refrain from embracing;
a time to seek, and a time to lose;
a time to keep, and a time to
a time to tear, and a time to sew;
a time to keep silence, and a time to
a time to love, and a time to hate;
a time for war, and a time for peace.”
These verses picture human experience as a tapestry woven of times. There is indeed a time for everything and a season for every activity under Heaven.
I would like to comment a bit on where it says that there is “A time to die”. There is the physical death, but it is never a final death, because we know we are eternal beings. But metaphysically “to die” is to die to the lower aspect of oneself, because as we continue the journey and continue to raise our consciousness, we begin to lose contact with that lower, instinctual, animal part of our nature. That is the journey. And it is for all of us the goal. Eckhart Tolle, in his book The Power of Now said, “Death is a stripping away of all that is not you. The secret of life is to “die before you die”– and find that there is no death. Paul said, “Behold, I tell you a mystery. We shall not all die but we shall all be changed.” (I Corinthians 15:51)
On my last visit with Mom, she had a way of expressing what she was feeling. She and I would walk hand in hand as we strolled past her yellow roses. I will cherish the images of her holding my hand and telling me how much she loved me and how much she loved all of her children. She also shared that even though relationships are strained, she still loved each and every one of us. As my husband and I headed back to Utah, I knew in my heart that when I held her hand while she was sharing her memories and concerns that this would be the last time I would ever see her and touch her. As we waved good-bye, I knew this was really good-bye.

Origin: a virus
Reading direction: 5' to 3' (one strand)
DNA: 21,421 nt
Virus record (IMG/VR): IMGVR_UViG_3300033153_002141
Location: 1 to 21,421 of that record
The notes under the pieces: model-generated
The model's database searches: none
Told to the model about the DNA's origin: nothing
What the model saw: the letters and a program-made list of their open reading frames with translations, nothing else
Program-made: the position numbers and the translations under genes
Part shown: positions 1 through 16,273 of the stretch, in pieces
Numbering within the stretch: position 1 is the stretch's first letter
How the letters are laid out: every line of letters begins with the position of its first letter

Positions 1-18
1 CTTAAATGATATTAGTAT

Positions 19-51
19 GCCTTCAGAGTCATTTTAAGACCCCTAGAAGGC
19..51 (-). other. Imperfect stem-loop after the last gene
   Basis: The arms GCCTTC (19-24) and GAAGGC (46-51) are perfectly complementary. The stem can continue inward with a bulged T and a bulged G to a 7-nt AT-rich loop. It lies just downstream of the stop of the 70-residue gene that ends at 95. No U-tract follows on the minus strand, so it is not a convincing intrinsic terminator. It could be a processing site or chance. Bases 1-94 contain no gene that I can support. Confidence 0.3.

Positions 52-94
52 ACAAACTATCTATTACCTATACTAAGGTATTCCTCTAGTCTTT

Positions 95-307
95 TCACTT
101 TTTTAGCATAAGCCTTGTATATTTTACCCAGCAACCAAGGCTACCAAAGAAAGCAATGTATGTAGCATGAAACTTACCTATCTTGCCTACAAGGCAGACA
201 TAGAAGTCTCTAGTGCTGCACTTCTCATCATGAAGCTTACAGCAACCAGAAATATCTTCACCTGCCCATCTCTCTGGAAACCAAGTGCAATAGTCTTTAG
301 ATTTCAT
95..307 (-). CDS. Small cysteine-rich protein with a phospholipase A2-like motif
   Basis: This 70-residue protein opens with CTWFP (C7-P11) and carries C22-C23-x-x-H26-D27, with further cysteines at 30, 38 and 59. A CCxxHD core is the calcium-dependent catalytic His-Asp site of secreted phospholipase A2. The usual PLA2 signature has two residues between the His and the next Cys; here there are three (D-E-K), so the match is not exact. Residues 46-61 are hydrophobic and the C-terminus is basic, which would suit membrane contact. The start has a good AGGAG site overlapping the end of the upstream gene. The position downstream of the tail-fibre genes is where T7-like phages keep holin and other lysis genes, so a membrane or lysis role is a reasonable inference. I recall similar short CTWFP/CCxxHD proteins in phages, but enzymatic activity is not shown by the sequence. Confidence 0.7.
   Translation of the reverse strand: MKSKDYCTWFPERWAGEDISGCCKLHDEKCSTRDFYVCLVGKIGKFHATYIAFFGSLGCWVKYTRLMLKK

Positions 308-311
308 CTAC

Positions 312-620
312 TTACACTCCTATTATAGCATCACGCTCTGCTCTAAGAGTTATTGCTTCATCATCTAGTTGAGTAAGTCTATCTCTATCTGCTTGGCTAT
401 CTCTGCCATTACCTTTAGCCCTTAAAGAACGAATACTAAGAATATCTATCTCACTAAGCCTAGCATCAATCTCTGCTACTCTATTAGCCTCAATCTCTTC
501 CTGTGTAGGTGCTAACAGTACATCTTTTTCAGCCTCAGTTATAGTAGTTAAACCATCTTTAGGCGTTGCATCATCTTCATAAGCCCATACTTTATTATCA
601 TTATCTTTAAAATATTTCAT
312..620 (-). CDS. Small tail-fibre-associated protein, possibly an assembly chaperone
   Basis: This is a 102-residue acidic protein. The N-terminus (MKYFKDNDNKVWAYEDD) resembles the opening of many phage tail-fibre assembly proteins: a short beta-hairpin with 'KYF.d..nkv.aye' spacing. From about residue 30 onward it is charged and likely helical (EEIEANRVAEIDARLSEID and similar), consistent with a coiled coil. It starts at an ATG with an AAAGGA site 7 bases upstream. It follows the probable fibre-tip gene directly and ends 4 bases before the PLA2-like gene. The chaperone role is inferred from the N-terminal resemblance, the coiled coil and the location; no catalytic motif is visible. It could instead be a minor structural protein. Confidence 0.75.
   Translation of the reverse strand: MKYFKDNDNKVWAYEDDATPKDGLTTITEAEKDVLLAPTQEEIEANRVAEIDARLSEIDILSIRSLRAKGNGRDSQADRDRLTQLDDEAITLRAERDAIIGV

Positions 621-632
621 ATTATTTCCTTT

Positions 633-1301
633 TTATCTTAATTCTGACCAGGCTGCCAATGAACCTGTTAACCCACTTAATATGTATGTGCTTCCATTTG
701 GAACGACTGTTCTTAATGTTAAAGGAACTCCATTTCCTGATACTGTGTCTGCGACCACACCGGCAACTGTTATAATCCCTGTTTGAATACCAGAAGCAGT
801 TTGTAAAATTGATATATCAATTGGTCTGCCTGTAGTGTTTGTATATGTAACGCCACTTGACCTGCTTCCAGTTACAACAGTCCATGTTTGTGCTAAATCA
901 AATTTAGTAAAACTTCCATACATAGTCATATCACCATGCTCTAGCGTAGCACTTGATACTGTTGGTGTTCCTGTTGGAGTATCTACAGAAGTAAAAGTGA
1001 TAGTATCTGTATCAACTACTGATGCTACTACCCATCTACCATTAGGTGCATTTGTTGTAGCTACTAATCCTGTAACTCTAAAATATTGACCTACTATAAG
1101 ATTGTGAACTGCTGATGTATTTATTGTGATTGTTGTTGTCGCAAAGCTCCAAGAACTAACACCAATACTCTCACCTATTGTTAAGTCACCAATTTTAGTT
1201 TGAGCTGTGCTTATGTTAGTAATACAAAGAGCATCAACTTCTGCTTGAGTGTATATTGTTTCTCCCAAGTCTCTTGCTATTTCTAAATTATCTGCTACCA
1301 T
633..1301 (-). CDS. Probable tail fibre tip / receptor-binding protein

A few of my conversations in her last moments was on how she loved my dad. Even though they would argue, she loved him. I would talk to her at 4 in the morning when she was most alert and she would express her concerns, regrets, fears and heartaches. She went on to say that even though she didn’t always show how much she us, she did. The words that will be burned in my heart is when she told me she doesn’t know how to die. I let her know that all she has to do is just Let God and He will do the rest. We will be fine, even though we will miss her and we will never forget her.
… Mom, you have run the race, you have fought the good fight, you have finished the course, you have accomplished everything He sent you to earth to do. Your work, Mom, is done. Mom, you’re free to go home.
Mom, you have loved Grandma and Grandpa, Dad and all of us kids. Your have loved so many and we love you too. Mom, you are free to go home now.